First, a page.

US PRESIDENT Donald Trump. AP
JOHANNESBURG - US President Donald Trump yesterday returned to spook SA assets with fears of further escalations in the trade war between the US and China.

The rand, which dipped below R14.14 against the US dollar on Friday evening in the New York session depreciated to R14.32 by 5pm yesterday.

Research Analyst at FXTM Lukman Otunuga said that the rand weakness had little to do with a change of sentiment towards the local currency, but rising risk aversion amid trading tensions. “Although the rand has entered the trading week in a depressed fashion thanks to heightened concerns over US-China trade developments, it is certainly not alone, as other emerging market currencies have also depreciated,” Otunuga said.

Trump said the US would provide details of more tariffs on a further $325billion of Chinese exports to the US. Beijing promised to retaliate. The local currency on Friday was one of the best-performing emerging market currencies, as it became clear that the governing ANC was heading towards a decisive victory in the national elections, giving Cyril Ramaphosa potentially a full term as head of state.

However, the currency joined the JSE in taking the back foot after weekend developments in the US-China trade war included more Trump tweets, and China denying that they had reneged on any prior agreements.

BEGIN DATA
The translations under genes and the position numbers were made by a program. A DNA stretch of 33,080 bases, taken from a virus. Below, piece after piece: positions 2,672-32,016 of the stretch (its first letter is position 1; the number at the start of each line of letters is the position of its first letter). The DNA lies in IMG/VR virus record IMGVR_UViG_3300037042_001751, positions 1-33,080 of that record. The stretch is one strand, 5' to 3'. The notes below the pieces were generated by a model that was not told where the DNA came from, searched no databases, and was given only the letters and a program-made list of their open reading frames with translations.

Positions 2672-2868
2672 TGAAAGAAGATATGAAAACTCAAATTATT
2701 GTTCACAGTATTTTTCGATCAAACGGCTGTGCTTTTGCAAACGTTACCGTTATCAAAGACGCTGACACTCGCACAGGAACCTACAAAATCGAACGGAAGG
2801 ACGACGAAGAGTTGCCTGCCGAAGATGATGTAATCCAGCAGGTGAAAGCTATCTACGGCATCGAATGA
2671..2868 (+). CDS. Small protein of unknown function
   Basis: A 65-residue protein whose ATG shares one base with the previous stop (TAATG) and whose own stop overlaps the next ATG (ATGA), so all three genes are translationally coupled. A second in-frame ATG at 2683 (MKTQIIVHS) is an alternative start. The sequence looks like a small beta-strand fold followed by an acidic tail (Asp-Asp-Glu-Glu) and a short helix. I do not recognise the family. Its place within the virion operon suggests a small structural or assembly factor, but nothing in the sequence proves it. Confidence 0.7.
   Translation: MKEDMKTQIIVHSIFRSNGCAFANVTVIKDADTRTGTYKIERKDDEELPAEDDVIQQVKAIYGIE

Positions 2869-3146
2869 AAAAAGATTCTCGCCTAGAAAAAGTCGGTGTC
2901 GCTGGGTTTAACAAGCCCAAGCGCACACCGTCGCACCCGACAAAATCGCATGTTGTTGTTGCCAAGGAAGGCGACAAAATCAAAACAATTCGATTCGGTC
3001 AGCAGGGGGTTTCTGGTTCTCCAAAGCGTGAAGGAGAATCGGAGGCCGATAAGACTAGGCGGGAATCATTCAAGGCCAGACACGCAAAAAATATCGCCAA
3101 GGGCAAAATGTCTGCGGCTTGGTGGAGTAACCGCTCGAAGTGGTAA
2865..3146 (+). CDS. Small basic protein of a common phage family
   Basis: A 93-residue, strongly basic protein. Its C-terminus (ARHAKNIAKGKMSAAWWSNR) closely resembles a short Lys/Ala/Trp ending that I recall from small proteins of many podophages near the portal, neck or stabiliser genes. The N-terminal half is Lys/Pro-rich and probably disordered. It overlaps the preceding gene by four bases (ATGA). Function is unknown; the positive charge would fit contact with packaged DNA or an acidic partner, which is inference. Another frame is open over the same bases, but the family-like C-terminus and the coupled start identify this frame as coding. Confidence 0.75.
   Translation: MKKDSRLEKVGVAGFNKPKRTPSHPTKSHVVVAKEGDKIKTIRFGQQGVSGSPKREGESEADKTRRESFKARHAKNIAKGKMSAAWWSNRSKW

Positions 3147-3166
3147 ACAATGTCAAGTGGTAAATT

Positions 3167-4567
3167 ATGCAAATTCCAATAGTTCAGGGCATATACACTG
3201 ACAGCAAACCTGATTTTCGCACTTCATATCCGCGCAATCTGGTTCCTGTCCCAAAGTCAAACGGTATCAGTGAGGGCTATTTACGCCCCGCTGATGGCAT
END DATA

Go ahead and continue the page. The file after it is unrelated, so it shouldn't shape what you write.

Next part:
Andre Botha, senior dealer at TreasuryONE, said that the elections outcome did bring policy certainty back into the market, but the opposite current from the US pushed the currency down.

“However, there are opposite forces currently in the market, with the market waiting for Chinese retaliation after the US imposed a fresh round of tariffs on the Chinese,” Botha said. “The breakdown in the current trade talks leaves a void which can only be filled by uncertainty, which could make the current rand strength short in duration.”

The all share index closed the trading session 0.83percent in the red, with blue chip financial stocks surrendering their Friday gains with FirstRand down 0.92percent and Capitec down 0.66percent, while other banking stocks were flat, with Standard Bank up just 0.1percent and Nedbank up 0.5percent, and Absa just 0.78percent stronger. Naspers, the most valuable company on the JSE, saw its stock 2.55percent lower, shedding R87.19 of its share price.

The rand could come under further pressure today on the release of the first quarter unemployment rate, which is largely expected to show an increase.

BUSINESS REPORT